My parents at first thought that Serge was being unresponsive, defiant. That made them very angry, especially my father. Whenever he saw Serge around, wavering and faltering, he just lost it—like a dog infuriated by a ragged, lifeless doll and wanting to rip it. He would get so mad that my mother begged me to take Serge out of the house whenever my father was around.

So Serge and I started walking walking every evening. Little circles. Out of our street, around the church, past the dentist’s house, through the park, back round the church—while all the time I was just waiting for the sun to set. I wished for the darkness, so that we could go back home and sneak sneak sneak through the house, straight into our beds, without my father noticing Serge.

But as the months passed, Serge started going backwards. He’d sometimes take one step one one forward but then two steps two steps steps back; and then he’d refuse refuse refuse to move any further.

And everybody was staring at us and I was holding his hand and saying: ‘Try just a little more, just a few more steps.’

But we stood there stood there stood there, for ages—or so it seemed, while people walked past, giving us strange looks and more eyes were prying from behind curtains, and heads shaking. And I kept on saying ‘Just a little more, just a few more steps,’ hoping that it would get dark soon so that we’d be invisible.

But it was summer and it stayed light forever, and my brother just kept standing standing standing and I was getting impatient because I wanted him to move, to be normal, to be happy, to be like he was before. But he would not move. Not move. We just stood. There.


By the time Serge was twenty-two, he’d completely frozen. All his functions had switched off. Off. He now no longer ate, spoke or moved. And as if a statue, he’d stand for hours hours hours in a stupor. Un-reach-able.


‘Do you remember my car, the grey Citroën? And the special uniform I had to wear when I helped out in the fish restaurant? Weren’t those the days?’

I can hear my brother smile on the phone. I already know what’s going to follow.

‘Should I look again for a job? Or maybe I should first stop taking this medication? As long as I take these shots and pills, I can never be normal.’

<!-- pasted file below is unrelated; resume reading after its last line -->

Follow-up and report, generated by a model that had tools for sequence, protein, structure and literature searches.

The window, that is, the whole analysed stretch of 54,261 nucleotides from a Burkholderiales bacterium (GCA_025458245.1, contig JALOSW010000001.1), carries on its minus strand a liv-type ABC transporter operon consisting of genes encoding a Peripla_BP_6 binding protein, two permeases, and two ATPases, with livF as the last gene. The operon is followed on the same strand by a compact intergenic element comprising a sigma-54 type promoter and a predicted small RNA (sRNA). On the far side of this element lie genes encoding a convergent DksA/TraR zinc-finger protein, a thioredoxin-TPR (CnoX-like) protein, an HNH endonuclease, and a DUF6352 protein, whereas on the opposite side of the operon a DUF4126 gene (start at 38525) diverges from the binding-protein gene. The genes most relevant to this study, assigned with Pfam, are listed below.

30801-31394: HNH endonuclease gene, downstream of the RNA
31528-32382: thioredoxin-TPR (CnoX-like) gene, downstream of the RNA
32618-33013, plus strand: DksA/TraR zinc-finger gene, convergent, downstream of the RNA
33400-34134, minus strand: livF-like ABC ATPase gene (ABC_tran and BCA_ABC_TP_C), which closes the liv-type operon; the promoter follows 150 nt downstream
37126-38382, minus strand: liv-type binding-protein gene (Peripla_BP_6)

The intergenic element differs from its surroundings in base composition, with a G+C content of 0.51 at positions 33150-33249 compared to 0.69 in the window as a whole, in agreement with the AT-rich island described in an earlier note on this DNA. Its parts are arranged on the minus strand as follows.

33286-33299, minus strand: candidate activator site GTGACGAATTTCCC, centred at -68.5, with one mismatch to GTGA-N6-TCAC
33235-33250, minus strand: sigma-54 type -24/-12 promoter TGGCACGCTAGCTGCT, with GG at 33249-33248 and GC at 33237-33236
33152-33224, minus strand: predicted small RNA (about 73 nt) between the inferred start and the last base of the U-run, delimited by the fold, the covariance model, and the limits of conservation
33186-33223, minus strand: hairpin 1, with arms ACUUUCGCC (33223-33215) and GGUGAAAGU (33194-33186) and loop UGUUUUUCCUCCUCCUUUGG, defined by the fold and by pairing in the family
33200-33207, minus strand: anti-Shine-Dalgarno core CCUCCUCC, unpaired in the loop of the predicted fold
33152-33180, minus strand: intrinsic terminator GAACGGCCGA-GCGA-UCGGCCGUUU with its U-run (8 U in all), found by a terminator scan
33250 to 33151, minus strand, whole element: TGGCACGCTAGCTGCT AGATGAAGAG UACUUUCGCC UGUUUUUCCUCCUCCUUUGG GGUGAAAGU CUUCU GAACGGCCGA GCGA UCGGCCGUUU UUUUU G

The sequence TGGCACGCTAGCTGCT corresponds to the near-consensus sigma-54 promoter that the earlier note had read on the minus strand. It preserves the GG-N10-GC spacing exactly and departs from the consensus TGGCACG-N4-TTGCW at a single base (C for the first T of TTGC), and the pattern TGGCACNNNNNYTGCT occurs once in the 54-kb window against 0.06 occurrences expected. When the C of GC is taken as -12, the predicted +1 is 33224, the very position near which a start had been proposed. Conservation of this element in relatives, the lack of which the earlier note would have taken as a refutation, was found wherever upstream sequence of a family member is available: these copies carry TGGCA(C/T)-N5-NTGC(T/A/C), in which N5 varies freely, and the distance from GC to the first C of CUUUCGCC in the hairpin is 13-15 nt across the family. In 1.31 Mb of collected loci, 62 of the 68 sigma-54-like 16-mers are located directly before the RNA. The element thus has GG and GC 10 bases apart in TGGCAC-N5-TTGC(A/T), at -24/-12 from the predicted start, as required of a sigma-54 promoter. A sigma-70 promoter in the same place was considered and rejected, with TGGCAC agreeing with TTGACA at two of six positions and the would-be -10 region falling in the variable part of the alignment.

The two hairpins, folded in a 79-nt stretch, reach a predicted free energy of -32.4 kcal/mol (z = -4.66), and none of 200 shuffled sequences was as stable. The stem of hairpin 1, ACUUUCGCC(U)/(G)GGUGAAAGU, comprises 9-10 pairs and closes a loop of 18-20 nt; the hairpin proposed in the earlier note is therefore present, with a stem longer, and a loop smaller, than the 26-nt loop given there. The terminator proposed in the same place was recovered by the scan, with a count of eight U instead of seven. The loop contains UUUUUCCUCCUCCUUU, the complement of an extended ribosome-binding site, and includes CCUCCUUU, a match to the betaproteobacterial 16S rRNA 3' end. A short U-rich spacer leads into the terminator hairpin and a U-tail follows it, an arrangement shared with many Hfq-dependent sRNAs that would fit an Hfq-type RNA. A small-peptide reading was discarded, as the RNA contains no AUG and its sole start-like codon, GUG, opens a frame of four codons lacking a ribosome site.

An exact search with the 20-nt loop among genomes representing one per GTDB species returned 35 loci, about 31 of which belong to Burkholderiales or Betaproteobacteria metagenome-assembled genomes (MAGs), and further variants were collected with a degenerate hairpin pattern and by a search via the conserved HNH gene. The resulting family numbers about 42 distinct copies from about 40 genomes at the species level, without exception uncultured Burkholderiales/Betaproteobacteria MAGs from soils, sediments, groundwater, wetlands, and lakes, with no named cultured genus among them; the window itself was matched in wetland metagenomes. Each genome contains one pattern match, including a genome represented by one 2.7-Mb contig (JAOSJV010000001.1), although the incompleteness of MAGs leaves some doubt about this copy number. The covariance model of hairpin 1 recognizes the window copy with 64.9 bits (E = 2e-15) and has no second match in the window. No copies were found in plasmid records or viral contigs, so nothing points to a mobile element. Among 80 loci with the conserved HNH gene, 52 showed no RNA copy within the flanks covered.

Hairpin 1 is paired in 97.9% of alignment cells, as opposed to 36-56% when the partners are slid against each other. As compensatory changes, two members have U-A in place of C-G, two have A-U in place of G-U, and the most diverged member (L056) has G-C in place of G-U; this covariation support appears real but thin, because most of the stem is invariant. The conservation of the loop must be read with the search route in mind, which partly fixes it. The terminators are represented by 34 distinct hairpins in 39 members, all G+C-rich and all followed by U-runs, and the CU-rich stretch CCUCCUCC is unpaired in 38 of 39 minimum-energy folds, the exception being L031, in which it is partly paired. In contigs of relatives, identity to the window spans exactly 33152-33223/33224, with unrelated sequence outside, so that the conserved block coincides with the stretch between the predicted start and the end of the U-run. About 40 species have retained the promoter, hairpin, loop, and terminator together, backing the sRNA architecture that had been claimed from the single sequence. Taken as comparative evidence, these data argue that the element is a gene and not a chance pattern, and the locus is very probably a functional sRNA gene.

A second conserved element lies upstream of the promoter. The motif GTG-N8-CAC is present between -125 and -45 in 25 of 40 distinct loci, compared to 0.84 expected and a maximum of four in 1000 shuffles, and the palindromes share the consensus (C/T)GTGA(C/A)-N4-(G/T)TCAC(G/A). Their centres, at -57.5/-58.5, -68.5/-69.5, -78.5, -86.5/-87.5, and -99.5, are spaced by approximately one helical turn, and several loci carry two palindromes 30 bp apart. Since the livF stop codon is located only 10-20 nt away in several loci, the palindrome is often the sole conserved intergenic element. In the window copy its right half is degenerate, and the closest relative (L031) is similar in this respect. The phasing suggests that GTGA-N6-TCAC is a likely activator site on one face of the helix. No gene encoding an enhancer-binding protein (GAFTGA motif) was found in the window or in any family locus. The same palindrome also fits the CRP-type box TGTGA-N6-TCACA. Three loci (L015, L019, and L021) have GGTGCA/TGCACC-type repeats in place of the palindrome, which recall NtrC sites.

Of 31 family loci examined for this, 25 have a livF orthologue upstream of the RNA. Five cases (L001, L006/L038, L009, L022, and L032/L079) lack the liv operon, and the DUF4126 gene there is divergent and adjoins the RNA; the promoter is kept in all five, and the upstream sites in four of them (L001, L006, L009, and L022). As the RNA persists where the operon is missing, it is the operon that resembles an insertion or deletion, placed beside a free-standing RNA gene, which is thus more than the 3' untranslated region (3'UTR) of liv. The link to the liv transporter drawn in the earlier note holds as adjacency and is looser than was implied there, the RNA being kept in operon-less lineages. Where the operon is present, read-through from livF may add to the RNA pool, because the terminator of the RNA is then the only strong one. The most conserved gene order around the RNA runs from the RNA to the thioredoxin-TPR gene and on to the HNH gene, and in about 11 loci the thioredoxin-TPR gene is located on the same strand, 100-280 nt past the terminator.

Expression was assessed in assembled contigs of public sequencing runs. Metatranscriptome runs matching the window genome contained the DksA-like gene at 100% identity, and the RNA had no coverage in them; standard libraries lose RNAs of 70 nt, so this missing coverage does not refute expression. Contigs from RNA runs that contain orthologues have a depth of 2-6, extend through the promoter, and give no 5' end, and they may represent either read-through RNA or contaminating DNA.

Schizophrenia, I’ve come to realize, isn’t easy to make sense of. Even though it’s a fairly common disease—one in a hundred people develop it—still, the doctors don’t know what causes it. Is it nature, nurture, or a mix of both? Nor do they know how to cure it.

They do know some of the shapes it can take. Reading through a thick manual, I felt both scared and intrigued when I came across more symptoms my brother might develop:

The patient with the auditory hallucination symptom of schizophrenia hears sounds that are not there.

The patient with the visual hallucination symptom sees things that don’t exist.

The one with the tactile hallucination symptom feels an intense sensation, that has no cause, like burning or itching.

The one with the olfactory hallucination symptom, smells non-existent odours.


The night of 21 February 1988—when he was nearly twenty-five—Serge climbed into his car. He wanted to see Suzy. He could walk to her place but he knew that the police were on the lookout for him. He also knew that they used special binoculars to see in the dark. If he drove by in a little grey Citroen, they might not spot him that easily, he reasoned.

He drove past Suzy’s shop four times and had wanted to drive past one more time when he noticed a police car behind him. Immediately he put his foot on the gas pedal and with shrieking wheels he sped off.

Back in his apartment, he boiled water and poured it in his favourite cup—the one with the black cat on it. Then he added five tablespoons of coffee and five tablespoons of sugar. He stirred hard. The end is coming. The end is coming. Metal clinking on the glass. The end is coming. The day of vengeance. He started pacing around his flat with the cup of coffee clasped in his hand. While pacing he took quick sips of the seething hot liquid. The day of vengeance. God will strike and destroy. Only a flock of 144,000 will survive. He could feel the hot liquid pass through his throat, the throat of God’s Chosen One. He started to pace faster, with more determined steps. He was the Saviour. He was the Chosen One. Only a small flock. Eternal life. Only he could do it.


Two weeks later, in March 1988, the door of room 322 was slightly ajar. I pushed it open quietly, not wanting to wake him up.

He was not asleep however, but sitting on his bed. His checked shirt was covered in blood; so was the wall behind him, and the floor underneath. Blood blood blood everywhere. And glass shards, too.


‘My list,’ Serge says, his voice suddenly cheerful, ‘it also contains some resolutions I’ve made.’

‘Such as?’

‘There’s a few. I want to:

 – try to accept the hospital

 – try to give up my wife-dream

 – try to stop buying porn magazines

 – try to stop approaching the cleaning lady

 – try to get stuff off my chest

 – try to attend Mrs Rosey’s atelier so that I can qualify for a place on the halfway house waiting list.’

‘Sounds great. I can’t wait to see that little book,’ I say.

‘Yes. I’ll show it to you when you get back.’


‘When will you get back?’

‘I’ll be back before the end of the year, I promise I will,’ I say, and sigh with relief. I know he won’t ask me again. At least not during this telephone call.



Born in Belgium but a professional gypsy by trade, Griet has been living in Asia for the past ten years, combining UN aid work with journalism for various media (print and radio). She did Harry Ricketts’ Short Fiction course in 2001. In 2003, during the MA in Creative Writing for the Page, she started work on her memoir Almost God.